Epilepsy Across the Spectrum: Promoting Health and Understanding

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National Academies Press, Jul 29, 2012 - Medical - 568 pages
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Although epilepsy is one of the nation's most common neurological disorders, public understanding of it is limited. Many people do not know the causes of epilepsy or what they should do if they see someone having a seizure. Epilepsy is a complex spectrum of disorders that affects an estimated 2.2 million Americans in a variety of ways, and is characterized by unpredictable seizures that differ in type, cause, and severity. Yet living with epilepsy is about much more than just seizures; the disorder is often defined in practical terms, such as challenges in school, uncertainties about social situations and employment, limitations on driving, and questions about independent living.

The Institute of Medicine was asked to examine the public health dimensions of the epilepsies, focusing on public health surveillance and data collection; population and public health research; health policy, health care, and human services; and education for people with the disorder and their families, health care providers, and the public. In Epilepsy Across the Spectrum, the IOM makes recommendations ranging from the expansion of collaborative epilepsy surveillance efforts, to the coordination of public awareness efforts, to the engagement of people with epilepsy and their families in education, dissemination, and advocacy for improved care and services. Taking action across multiple dimensions will improve the lives of people with epilepsy and their families. The realistic, feasible, and action-oriented recommendations in this report can help enable short- and long-term improvements for people with epilepsy. For all epilepsy organizations and advocates, local, state, and federal agencies, researchers, health care professionals, people with epilepsy, as well as the public, Epilepsy Across the Spectrum is an essential resource.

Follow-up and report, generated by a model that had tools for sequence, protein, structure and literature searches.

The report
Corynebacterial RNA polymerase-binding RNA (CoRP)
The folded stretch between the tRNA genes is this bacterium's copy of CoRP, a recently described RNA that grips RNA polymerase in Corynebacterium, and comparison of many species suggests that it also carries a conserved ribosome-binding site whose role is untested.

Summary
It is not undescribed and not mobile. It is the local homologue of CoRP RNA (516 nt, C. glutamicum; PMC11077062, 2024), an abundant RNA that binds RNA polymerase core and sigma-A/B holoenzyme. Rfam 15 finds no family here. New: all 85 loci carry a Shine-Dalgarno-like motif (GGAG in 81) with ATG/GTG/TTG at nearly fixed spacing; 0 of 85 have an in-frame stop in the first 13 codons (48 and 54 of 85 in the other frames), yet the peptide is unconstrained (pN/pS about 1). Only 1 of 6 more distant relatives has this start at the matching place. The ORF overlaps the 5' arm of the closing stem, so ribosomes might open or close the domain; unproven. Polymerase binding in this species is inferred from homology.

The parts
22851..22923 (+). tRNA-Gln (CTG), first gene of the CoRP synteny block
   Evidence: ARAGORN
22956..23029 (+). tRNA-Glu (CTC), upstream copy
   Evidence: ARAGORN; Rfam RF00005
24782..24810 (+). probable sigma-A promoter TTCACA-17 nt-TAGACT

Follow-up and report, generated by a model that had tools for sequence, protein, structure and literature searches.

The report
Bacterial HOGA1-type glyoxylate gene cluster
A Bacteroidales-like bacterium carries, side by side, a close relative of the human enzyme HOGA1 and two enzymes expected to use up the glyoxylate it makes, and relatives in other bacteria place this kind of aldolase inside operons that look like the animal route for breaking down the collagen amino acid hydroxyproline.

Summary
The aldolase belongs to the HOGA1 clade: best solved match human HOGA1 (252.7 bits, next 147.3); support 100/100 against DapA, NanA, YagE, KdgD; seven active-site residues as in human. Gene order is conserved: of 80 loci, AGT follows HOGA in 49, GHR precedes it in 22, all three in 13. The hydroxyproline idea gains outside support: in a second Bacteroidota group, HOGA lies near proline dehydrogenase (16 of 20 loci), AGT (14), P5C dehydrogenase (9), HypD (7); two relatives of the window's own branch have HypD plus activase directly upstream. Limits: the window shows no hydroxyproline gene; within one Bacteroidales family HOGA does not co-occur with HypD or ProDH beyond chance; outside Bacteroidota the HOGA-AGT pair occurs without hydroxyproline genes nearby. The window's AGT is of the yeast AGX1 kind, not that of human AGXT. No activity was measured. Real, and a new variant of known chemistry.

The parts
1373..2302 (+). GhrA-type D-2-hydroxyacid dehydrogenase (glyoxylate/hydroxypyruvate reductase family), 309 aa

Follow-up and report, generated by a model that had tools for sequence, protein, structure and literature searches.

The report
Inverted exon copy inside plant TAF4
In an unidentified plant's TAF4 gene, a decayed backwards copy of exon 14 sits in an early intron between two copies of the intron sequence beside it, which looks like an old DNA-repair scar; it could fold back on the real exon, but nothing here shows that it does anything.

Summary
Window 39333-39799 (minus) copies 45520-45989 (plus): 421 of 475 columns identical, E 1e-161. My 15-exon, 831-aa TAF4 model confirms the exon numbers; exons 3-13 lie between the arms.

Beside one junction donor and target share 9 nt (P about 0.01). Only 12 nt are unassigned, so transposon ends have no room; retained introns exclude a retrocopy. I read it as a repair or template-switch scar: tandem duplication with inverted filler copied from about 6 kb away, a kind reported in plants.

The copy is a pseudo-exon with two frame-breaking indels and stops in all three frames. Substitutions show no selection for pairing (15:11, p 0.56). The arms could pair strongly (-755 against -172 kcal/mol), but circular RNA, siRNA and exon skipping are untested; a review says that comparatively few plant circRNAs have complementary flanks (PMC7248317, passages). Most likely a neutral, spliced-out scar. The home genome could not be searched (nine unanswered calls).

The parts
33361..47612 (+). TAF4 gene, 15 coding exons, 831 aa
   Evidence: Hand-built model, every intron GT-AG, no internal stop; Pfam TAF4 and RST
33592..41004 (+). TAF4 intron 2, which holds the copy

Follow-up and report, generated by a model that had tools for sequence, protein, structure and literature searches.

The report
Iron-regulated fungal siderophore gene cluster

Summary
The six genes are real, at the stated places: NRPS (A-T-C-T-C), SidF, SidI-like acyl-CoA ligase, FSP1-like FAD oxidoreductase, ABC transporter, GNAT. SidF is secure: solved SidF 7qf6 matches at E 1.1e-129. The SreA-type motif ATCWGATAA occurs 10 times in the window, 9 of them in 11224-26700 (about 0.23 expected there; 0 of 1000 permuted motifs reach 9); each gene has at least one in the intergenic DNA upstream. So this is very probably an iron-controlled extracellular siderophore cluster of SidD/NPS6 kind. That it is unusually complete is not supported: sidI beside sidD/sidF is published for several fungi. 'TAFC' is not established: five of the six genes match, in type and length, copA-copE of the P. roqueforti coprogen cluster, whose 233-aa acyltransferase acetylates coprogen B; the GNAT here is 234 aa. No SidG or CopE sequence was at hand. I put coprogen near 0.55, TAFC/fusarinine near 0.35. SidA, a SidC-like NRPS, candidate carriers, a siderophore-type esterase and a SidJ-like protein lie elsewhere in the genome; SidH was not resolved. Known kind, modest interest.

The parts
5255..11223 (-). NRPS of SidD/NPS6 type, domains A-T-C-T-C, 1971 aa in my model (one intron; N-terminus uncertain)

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Contents

Summary
1
1 Introduction
19
2 Surveillance Measurement and Data Collection
49
3 Epidemiology and Prevention
109
Quality Access and Value
161
5 Health Professional Education
231
6 Quality of Life and Community Resources
269
7 Educating People with Epilepsy and Their Families
327
8 Public Education and Awareness
383
9 Next Steps and Recommendations
425
Workshop Agendas
445
IOM DataGathering Effort
461
Data on Specialized Epilepsy Centers Report to the Institute of Medicines Committee on the Public Health Dimensions of the Epilepsies
509
Health Professionals Who Care for People with Epilepsy Possible Roles and Relevant Boards and Organizations
517
Committee Biographies
529
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